Casual mine workers set to receive more rights

Casual employees will now have the right to request to move to full-time or part-time employment, the Australian Government has announced.

The Fair Work Commission made the decision after four years of proceedings, taking into consideration the evidence provided by unions and employer representatives.

All casual employees covered by the Fair Work Act 2009, including those in mining, will now receive an effect of that decision, the Minister for Jobs and Industrial Relations Kelly O’Dwyer said.

The right already applies to employees who have their terms and conditions set out by a relevant modern award system, or award-relying employees.

“The government’s approach will ensure a consistent, fair and balanced safety net for all employees covered by the national workplace system. Fairness and balance means having regard to the interests of employers and employees,” O’Dwyer said.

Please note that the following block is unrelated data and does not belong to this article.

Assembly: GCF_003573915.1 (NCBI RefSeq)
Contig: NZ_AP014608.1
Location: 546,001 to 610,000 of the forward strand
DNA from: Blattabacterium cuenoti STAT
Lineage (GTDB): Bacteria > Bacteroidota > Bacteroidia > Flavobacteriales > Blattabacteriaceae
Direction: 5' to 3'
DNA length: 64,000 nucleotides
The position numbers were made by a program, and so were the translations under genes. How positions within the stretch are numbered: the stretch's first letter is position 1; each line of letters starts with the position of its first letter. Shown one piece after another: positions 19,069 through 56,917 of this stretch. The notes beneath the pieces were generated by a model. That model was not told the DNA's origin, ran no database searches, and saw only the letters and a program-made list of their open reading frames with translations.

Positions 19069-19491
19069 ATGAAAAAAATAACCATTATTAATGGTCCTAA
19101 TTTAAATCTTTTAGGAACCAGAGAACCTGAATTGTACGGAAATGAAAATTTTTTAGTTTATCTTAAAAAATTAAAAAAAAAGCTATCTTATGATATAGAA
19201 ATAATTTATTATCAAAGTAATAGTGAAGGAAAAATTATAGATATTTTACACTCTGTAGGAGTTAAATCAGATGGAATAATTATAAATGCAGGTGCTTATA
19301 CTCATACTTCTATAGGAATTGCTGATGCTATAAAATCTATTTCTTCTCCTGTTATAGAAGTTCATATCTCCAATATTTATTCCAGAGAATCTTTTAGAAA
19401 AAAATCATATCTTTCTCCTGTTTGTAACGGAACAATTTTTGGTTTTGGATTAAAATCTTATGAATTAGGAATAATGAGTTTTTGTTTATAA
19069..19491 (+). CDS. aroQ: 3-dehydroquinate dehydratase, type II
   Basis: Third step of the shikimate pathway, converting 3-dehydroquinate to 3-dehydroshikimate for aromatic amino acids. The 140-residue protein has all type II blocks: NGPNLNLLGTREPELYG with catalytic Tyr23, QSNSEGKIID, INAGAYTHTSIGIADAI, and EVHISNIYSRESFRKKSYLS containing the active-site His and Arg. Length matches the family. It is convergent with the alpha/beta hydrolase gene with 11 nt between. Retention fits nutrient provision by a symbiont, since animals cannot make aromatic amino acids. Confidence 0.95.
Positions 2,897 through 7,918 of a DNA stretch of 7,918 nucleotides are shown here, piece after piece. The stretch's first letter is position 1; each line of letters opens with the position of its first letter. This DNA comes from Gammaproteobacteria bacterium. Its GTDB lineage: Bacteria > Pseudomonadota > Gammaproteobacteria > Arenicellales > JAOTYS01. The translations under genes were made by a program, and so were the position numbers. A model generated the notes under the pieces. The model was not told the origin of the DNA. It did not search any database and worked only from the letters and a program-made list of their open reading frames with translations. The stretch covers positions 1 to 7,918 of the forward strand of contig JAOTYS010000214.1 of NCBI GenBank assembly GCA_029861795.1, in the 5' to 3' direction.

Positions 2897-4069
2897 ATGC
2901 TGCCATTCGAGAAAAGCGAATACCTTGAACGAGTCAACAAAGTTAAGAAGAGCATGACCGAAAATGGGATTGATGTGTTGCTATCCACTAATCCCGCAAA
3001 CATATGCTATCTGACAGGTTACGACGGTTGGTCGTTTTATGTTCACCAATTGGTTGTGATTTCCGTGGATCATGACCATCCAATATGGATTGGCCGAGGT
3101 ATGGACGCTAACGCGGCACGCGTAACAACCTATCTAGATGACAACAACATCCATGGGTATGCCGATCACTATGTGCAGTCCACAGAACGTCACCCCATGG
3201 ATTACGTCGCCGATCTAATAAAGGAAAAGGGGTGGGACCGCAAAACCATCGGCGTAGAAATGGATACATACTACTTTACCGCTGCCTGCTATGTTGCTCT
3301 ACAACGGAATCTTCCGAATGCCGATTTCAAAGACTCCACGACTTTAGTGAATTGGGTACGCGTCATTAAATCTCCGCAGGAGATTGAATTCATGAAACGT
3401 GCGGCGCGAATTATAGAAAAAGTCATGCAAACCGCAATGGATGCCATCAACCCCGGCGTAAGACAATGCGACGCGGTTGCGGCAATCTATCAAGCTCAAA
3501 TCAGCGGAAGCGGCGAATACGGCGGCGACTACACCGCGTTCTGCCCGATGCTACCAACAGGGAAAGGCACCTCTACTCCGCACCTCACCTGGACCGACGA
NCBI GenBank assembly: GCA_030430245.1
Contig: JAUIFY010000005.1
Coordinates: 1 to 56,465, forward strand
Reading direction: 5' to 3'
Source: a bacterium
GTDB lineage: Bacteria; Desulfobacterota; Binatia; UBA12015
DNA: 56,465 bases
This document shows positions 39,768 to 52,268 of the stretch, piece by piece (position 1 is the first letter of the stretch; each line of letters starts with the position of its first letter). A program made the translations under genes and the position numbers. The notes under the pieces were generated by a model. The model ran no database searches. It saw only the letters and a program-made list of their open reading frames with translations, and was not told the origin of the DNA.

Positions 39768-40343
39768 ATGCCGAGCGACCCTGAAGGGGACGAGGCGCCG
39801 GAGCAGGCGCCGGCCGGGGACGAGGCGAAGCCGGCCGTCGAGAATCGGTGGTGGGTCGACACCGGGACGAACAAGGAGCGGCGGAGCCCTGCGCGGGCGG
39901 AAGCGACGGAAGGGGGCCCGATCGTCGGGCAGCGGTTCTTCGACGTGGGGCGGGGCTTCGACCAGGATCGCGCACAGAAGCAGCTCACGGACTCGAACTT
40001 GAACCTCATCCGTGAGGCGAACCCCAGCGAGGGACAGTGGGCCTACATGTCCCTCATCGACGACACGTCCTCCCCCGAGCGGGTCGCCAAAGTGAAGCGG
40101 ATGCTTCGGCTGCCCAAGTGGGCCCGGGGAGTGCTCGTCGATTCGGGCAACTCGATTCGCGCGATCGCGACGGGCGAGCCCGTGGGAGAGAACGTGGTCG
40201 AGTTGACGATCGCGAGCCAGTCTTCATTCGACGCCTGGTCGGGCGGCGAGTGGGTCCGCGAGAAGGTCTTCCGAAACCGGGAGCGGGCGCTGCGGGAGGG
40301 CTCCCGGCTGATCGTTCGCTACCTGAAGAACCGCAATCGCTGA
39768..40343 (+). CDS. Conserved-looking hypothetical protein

“If award reliant employees have the right to make a request and it is subject to reasonable safeguards for employers, it is only fair that the same right is extended to other casuals who currently do not have the same right.”

Employers can only refuse employee requests on reasonable grounds after consulting with the employee.

O’Dwyer said, “Many in the community are concerned about security of employment. But if regulation is too onerous, it is likely that employers will be less willing to create jobs. This issue requires a careful and balanced approach.”

Australian Resources & Energy Group (AMMA) said the change would not bring much impact to its members. However, it supports the legislative regime providing greater certainty on who is and who isn’t a casual employee.

For casuals who maintain a regular pattern of work, the Australian Government also clarified they cannot claim for entitlements twice. This includes arrangements for annual leave and redundancy.

A loading paid to a casual employee may potentially be set off against any subsequent claim for National Employment Standards to avoid “double dipping”.

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